While some people will surely argue that, with Alexa and numerous standalone apps available, the Fire TV didn’t need yet another way to play audio, I think the new “Music & More” screen is a good addition and fills a gap the Fire TV has had for years. This feature, if nothing else, finally provides a way to see what audio is being played in the background, which is something that has been missing for too long. Like many other new Fire TV interfaces before it, it’s far too centered around Amazon services, but it’s a good starting point that will hopefully expand to aggregate more 3rd-party audio content.

  1. Brantome says:

    Is it still not bit perfect when playing Amazon Music Unlimited I.e. does it still play everything at the resolution the device it’s connected to can support rather than each individual track’s resolution, so if your AVR for example supports up to 24/192, then all tracks even 16/44.1 tracks are played at 24/192? Thx

  2. Ujn Hunter says:

    I don’t think any of this matters since, Amazon, long ago removed the ability to actually just “play” YOUR OWN MUSIC from Amazon Music and instead forces you to “shuffle” your music and other crap that you don’t care about.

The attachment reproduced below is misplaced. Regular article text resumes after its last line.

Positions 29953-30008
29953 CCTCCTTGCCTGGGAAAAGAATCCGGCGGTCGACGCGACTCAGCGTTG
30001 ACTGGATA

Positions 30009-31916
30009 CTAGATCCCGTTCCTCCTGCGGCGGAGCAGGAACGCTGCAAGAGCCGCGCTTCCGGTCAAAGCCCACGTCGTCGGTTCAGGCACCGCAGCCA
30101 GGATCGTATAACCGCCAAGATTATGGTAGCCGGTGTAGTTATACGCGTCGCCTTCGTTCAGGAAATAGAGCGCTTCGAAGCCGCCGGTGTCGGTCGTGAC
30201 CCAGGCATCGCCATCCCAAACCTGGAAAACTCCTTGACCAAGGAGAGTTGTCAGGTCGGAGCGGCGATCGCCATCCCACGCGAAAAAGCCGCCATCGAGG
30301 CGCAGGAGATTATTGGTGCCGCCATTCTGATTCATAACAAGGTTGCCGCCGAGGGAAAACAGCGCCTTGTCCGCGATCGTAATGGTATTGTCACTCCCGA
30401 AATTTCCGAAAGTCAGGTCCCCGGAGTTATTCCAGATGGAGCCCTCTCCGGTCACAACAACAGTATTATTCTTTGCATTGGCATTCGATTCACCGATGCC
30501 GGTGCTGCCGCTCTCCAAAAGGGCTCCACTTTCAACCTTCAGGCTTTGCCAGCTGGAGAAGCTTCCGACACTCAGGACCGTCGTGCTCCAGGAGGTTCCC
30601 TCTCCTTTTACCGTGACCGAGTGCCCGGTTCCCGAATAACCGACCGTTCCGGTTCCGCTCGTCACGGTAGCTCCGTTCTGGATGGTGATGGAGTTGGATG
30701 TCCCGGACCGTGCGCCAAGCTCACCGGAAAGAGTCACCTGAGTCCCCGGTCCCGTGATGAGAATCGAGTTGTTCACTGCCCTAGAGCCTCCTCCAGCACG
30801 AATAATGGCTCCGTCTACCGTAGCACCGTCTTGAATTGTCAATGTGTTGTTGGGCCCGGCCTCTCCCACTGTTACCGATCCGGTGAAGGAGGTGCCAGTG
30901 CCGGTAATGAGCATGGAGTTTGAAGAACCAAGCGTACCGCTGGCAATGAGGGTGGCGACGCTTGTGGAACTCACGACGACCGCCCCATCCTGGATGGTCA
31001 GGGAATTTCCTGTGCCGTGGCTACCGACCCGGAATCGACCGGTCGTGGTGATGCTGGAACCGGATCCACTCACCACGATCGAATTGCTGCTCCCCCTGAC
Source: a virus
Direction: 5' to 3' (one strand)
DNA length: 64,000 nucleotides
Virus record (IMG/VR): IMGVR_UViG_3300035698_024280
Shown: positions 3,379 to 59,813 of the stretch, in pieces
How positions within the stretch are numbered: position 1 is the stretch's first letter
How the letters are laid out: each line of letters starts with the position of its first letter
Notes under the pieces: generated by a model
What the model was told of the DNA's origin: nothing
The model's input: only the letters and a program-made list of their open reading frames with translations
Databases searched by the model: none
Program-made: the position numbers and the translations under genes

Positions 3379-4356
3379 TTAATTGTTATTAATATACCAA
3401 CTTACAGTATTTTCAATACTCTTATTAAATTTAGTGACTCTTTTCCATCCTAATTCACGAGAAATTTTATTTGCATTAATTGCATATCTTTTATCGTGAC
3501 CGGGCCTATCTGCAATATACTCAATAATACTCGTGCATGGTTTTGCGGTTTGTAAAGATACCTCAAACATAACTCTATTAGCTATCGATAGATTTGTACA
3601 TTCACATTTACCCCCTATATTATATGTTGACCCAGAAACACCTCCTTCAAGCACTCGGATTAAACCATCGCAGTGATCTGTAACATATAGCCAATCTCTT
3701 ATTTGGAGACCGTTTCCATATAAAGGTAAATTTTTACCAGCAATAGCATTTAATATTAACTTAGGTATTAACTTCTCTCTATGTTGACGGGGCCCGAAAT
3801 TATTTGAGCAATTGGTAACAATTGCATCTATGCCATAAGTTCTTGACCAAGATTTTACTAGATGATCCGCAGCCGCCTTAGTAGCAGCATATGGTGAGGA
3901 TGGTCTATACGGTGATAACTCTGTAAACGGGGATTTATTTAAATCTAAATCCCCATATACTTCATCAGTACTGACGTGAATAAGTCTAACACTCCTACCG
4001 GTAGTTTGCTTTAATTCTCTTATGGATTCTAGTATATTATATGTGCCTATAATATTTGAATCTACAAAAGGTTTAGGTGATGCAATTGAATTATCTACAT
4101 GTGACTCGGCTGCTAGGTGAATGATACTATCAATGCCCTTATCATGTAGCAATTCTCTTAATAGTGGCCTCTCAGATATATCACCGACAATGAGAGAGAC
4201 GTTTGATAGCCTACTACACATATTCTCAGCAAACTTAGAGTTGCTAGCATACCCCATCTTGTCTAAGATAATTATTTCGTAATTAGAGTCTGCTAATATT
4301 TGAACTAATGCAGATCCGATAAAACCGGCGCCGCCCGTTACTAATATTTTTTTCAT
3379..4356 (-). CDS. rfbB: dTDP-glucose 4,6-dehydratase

3. ben says:

    treid to play somethinig under recentnly played but it just plays random songs

  4. Someguy says:

    The entire FireTV user interface is a real mess, frustratingly slow on most devices and does a lousy job of surfacing àpps that a user has installed (as the reviewer found). I really wish they would get their act together.

  5. Hereward the Woke says:

    A bit off topic but did anyone in the UK suffer a FireTV outage yesterday (15 January) between about 17:00 to 22:00hrs GMT? No reports on the ‘Downtime’ websites, and all my other devices were working fine, including Alexa.